Update (Feb 3): While the animal rights community supports a ban on horse-drawn carriages, activists are divided on how to achieve it, with some supporting and others opposing a compromise bill which is scheduled for a vote on Friday, February 5th. If passed, the law would, among other things, reduce the number horses by almost half and move their staging area into the Park. The changes would provide some relief for the remaining horses and weaken the politically connected and inexplicably powerful industry. The carriage operators vehemently oppose the compromise and insist on having free reign throughout the streets of midtown. The media, big labor and park advocates (who want to minimize the presence of horses in the park) are backing the carriage operators in opposition to the bill. If the Mayor accepts defeat, walks away from the issue altogether and says, “time to move on,” then where does that leave the 200+ horses and the grass roots movement?
In an effort to liberate himself from an issue that has plagued him since taking office, NYC Mayor Bill de Blasio, who promised to ban horse-drawn carriages from Manhattan in early 2014, announced that his administration struck a compromise with the Teamsters, the union that represents the horse-drawn carriage trade in its negotiations with the city. The deal, which must be approved by the City Council, would move the horses into a stable in Central Park and cut their number in half – to 95 – by 2018. The public has not seen a draft bill, so many questions regarding the quality of life of the horses remain unanswered.
The compromise would improve the lives of the remaining horses, as they will no longer be forced to compete with aggressive drivers in the congested streets of midtown for most of the day. However, many of the conditions that make the operation of horse-drawn carriages inhumane and unsafe in NYC will not be addressed by moving the horses into the park. Following are several examples:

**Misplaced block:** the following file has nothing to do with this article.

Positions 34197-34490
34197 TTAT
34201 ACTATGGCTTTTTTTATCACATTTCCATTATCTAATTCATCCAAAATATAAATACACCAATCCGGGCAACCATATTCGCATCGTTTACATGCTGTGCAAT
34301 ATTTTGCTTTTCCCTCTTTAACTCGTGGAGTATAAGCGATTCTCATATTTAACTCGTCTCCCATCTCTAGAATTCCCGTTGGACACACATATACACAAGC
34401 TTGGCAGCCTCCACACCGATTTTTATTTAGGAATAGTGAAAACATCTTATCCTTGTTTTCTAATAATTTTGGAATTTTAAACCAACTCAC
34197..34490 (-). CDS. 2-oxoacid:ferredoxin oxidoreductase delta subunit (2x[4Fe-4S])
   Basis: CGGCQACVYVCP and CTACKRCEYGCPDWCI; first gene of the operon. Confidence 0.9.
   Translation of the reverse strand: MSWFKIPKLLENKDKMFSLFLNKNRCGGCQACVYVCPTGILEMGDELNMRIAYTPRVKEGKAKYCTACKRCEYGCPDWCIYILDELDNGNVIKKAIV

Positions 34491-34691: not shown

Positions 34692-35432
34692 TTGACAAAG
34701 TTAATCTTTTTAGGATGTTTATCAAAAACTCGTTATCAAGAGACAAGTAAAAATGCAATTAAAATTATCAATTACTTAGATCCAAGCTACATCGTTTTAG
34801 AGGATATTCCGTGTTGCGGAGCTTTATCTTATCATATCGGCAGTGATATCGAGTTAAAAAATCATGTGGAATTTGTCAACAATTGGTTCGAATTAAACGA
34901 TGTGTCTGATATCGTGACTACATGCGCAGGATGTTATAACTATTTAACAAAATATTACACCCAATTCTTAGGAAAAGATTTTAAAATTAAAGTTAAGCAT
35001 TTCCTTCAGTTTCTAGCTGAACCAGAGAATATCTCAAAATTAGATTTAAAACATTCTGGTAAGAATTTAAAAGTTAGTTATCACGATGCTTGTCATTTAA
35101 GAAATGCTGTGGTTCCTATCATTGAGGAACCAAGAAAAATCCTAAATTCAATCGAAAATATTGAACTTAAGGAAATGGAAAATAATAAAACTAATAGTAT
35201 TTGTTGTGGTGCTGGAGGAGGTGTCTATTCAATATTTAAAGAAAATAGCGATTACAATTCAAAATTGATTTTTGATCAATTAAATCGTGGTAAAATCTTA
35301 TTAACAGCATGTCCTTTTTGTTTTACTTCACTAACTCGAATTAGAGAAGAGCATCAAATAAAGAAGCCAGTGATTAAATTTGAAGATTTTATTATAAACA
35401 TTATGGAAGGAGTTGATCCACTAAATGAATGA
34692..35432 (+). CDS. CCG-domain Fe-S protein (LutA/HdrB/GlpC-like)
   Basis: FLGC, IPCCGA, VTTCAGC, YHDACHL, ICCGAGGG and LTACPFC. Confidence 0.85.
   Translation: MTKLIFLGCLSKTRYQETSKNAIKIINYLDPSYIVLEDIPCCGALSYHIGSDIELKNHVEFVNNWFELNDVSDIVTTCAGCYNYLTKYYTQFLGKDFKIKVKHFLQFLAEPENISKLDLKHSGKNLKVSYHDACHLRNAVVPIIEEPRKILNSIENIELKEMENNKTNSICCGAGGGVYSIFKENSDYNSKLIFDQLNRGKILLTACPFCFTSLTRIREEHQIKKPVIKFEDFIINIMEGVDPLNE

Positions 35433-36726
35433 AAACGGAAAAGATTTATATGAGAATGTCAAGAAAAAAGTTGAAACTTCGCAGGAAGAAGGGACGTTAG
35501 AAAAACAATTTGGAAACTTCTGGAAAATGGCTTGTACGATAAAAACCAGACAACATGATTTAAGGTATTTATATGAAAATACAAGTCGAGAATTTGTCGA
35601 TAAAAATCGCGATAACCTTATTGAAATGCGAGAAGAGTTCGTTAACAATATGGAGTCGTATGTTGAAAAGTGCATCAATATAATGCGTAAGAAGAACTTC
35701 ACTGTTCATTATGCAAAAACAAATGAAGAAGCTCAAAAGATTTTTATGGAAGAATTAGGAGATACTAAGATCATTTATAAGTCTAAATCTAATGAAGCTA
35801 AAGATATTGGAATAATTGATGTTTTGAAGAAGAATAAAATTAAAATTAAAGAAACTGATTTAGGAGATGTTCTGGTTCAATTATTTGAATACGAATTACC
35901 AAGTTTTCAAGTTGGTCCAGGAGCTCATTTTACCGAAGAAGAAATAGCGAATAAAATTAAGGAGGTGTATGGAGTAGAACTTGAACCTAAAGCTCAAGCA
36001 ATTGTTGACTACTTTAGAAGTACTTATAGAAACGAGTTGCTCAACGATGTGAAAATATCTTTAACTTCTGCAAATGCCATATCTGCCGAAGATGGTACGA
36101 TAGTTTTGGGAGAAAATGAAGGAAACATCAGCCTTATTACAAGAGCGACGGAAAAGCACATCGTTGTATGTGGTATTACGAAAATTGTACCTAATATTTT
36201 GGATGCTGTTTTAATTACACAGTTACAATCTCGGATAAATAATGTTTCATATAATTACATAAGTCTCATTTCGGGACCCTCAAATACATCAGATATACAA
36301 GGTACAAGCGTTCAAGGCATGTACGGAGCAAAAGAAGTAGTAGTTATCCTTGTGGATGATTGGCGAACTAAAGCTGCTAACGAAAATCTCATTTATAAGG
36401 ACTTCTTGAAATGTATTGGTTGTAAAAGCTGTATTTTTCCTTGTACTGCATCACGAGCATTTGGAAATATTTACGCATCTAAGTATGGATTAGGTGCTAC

- In his statement about the compromise, the Mayor made no mention of setting aside land for a pasture on which the horses can graze, run, roll and interact physically, as herd animals do. They could be surrounded by open spaces but deprived of the opportunity to use them.
- Moving the horses into the Central Park won’t stop them from spooking and potentially harming themselves and others when they bolt. Over the years, many horses have spooked in the park, and people have been seriously injured.
- Unless otherwise stated in the bill, the horses will continue to share the road with motor vehicles in Central Park, where cars are permitted on the streets at certain times of the day.
- The number of horses in the park at any given time will be limited to 75 (the other 20 will be on rotation outside of the City), but the number of carriages will remain the same — 68. If the medallion owners intend to use their carriages two shifts per day, then they would need to have at least 136 horses in the park. In the continued absence of humane law enforcement, will the carriage drivers simply double-shift their horses, as they have been caught doing in the past?